The oil ministry is wary that if oil firms are allowed to raise just petrol prices on Friday or Saturday, the political opposition to the unpopular decision may force the hands of the Cabinet into not hiking diesel, LPG and kerosene rates
New Delhi: The government may hike petrol, diesel, cooking gas and kerosene prices simultaneously as early as next week with oil minister S Jaipal Reddy saying “difficult and painful” decisions need to be taken, reports PTI.
“There are no immediate proposals to raise prices of various oil products including petrol,” Mr Reddy told reporters.
Though he did not specify when the hike may take place, indications are it could be done after the Cabinet meets next week.
The ministry is wary that if oil firms are allowed to raise just petrol prices on Friday or Saturday, the political opposition to the unpopular decision may force the hands of the Cabinet into not hiking diesel, liquefied petroleum gas (LPG) and kerosene rates.
With oil firms losing a record Rs560 crore per day on sale of regulated diesel and cooking fuels and another Rs 16 a day on petrol, the oil ministry is pushing for raising rates once the Monsoon Session of Parliament ends on Friday.
“We are of course facing treacherous crisis of unpredictable magnitude... Our oil companies will lose huge nearly Rs200,000 crore (if rates are not raised),” Mr Reddy said, adding that steps need to be taken to reduce this deficit. “We have to take some difficult, painful decisions.”
On the political opposition to raising fuel rates, Mr Reddy said fuel pricing was a classic case of “politics defeating economics”.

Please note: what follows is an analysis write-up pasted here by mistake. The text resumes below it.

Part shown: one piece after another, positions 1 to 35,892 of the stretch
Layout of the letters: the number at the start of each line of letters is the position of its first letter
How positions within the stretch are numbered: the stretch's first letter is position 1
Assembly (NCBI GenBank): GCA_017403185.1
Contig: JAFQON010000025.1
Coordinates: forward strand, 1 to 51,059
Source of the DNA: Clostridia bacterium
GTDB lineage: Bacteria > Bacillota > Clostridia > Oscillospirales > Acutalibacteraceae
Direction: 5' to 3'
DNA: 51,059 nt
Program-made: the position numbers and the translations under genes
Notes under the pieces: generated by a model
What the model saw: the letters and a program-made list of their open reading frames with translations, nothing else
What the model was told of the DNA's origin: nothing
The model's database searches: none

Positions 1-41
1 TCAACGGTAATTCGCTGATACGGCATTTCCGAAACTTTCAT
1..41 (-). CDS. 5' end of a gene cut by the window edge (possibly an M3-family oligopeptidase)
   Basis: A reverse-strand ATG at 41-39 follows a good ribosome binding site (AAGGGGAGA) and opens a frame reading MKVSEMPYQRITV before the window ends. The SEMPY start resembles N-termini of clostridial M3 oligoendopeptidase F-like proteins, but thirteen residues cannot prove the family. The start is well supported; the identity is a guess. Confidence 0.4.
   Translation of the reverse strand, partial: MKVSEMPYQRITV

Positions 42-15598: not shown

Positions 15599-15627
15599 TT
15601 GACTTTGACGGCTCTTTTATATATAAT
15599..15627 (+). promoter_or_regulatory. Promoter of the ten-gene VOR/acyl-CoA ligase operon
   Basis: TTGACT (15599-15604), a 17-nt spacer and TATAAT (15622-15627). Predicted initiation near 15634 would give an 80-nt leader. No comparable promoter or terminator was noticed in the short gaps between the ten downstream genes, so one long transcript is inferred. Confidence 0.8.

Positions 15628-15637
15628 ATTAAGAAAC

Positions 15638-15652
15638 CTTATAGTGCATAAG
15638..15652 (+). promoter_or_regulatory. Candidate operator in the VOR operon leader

Mr Reddy said he has moved a note for the consideration of the Cabinet Committee on Political Affairs (CCPA) explaining the precarious situation facing the oil sector. “It is my duty as a minister to bring facts to the notice of CCPA. When will it meet, I have no idea”.
State-owned fuel retailers are losing over Rs5 per litre on sale of petrol, a commodity which was freed from government control in June 2010 but whose rates haven’t moved in tandem with cost.
They sell diesel at a loss of Rs19.26 a litre, kerosene at Rs34.34 per litre and domestic LPG at Rs347 per 14.2-kg cylinder.
“Petrol price increase is necessary. We have to take decision in consultation with other oil companies and the government,” IOC chairman RS Butola said, adding that the company lost Rs950 crore on sale of petrol in the first quarter and has lost another Rs 300 crore since then.
IOC’s borrowings are at around Rs88,000 crore and not far from the ceiling of Rs1,10,000 crore that the company can borrow, he said.
“We have a deficit of Rs5,000 crore to Rs6,000 crore every month. If it is not met, our capability to buy crude oil will be impacted,” he said.
Diesel is being sold at a loss of Rs19.26 a litre, kerosene at Rs34.34 per litre and domestic LPG at Rs347 per 14.2-kg cylinder. At current rate, the three firms are projected to lose Rs1,92,951 crore in revenues in the financial year ending 31 March 2012.
As per the oil ministry’s proposal, every household would get only 4-6 LPG cylinders at subsidised price of Rs399 in Delhi and they will have to pay market price of Rs746 per cylinder for any requirement beyond that.
Besides considering raising diesel, domestic LPG and PDS kerosene rates, the CCPA may also consider a cut in the Rs14.78 per litre excise duty currently levied on petrol.
IOC, Hindustan Petroleum Corp (HPCL) and Bharat Petroleum Corp (BPCL) reported a combined revenue loss of Rs47,811 crore on fuel sales in the first quarter. Of this, upstream firms like ONGC made good Rs15,061 crore by the way of discount of crude oil they sell to them.
The oil ministry sought cash subsidy for the remaining Rs32,750 crore but the finance ministry has not released any.
In the absence of the subsidy support, IOC reported the highest quarterly net loss by any Indian company at Rs22,451 crore. HPCL posted Rs9,249 crore net loss in April-June, while BPCL reported a net loss of Rs ,836 crore.
Oil firms would most likely post net losses even in the second quarter as the logjam in Parliament over coal blocks allocation has meant that supplementary demands for grants are not approved and no subsidy payout is possible till the next winter session of Parliament in November/ December.